Monday, February 6, 2017

What New York Chinese Dining Has That Los Angeles Doesn't

While as a whole Chinese food in Los Angeles surpassed New York probably 20 years ago and continues to pull away, there are some things Chinese food wise in New York that don't exist in Los Angeles.  Here are four restaurants from my recent visit to New York that fall into this profile.

La Chine

La Chine in the Chinese-owned Waldorf-Astoria Hotel is the type of high end, authentic Chinese restaurant that exists in New York, along with places like Fung Tu, Cafe China and Hakkasan, but no longer can be found in LA after the demise of Hakkasan Beverly Hills (and perhaps Chi Lin). My guess is that Los Angeles is just not much of an expense account town like New York is. Yes, LA does have the entertainment industry, but that pales compared to New York which has Wall Street and the investment banks, and large numbers of corporate headquarters that LA doesn’t have.  We did pass on the $125 per person tasting menu, but got a good substitute with the restaurant week special. We had the Long Island fluke appetizer, which was OK, the wagyu beef tenderloin (the hit of the evening)   the crispy shrimp, which was quite tasty, the black cod, also OK.  For dessert there was the mango with pomelo tapioca soup (pictured below), which was excellent, and the coconut pudding square, which was meh.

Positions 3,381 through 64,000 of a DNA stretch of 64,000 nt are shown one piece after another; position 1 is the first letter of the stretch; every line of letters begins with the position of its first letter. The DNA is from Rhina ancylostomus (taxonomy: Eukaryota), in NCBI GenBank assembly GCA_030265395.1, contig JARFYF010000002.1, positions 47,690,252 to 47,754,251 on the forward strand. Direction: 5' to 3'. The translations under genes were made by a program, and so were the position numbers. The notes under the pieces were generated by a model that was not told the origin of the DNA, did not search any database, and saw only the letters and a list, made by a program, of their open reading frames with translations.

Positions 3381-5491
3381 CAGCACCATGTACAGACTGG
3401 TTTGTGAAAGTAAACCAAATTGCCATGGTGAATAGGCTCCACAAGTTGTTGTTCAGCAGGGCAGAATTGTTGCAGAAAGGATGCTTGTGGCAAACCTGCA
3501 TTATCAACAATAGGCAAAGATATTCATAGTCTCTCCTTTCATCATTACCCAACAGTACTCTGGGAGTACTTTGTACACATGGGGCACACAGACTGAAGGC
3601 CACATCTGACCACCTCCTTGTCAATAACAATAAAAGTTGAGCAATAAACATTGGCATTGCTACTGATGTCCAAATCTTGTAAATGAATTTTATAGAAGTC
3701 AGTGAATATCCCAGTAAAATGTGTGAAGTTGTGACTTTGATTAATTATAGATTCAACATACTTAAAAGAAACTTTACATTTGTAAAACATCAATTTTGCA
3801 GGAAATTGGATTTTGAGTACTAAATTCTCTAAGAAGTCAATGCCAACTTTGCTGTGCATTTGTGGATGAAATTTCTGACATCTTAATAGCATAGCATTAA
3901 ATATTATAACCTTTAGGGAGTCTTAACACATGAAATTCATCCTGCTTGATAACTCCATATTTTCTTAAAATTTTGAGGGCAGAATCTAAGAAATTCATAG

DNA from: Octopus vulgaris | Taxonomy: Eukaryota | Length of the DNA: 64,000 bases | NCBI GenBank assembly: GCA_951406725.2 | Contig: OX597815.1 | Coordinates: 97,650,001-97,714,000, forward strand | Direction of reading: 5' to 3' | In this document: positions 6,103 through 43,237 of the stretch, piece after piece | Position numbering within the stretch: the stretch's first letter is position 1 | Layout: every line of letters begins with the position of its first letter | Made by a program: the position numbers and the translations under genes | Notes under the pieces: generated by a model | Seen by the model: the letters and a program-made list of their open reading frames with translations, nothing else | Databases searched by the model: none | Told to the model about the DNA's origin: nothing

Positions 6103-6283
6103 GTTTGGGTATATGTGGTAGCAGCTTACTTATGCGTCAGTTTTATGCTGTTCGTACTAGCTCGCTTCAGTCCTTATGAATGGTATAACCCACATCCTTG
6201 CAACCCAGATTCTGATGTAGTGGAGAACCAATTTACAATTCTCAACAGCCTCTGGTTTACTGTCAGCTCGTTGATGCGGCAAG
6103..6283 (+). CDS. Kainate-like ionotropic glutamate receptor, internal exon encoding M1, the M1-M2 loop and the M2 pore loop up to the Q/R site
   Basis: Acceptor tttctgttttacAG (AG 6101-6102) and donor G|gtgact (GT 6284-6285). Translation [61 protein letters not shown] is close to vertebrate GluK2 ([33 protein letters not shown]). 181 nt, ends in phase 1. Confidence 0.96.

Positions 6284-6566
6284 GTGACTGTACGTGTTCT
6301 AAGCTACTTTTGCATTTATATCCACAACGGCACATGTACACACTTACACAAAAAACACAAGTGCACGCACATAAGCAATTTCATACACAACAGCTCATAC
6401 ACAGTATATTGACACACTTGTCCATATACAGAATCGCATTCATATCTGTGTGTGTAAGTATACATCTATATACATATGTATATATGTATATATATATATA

On a side note, the high end authentic Chinese dining scene in Los Angeles is entirely different than New York as LA can only support a handful of inauthentic high end Chinese restaurants like WP24, Mr. Chow and Philippes.  So the $64 question is with Chinese culture being so food centric, and so much Chinese money circulating around Los Angeles, where do the rich people go to eat Chinese food?  At least up to this point, it's not in dedicated fine dining restaurants, but rather the same places where you and I eat.  Virtually all of the seafood palaces where we go for $3 dim sum, lunch specials, and regular dining, also serve uberexpensive, largely seafood based premium menus, probably topped by the $10,000 per table banquet menu at Grand Harbor in Temple City.

Modern Szechuan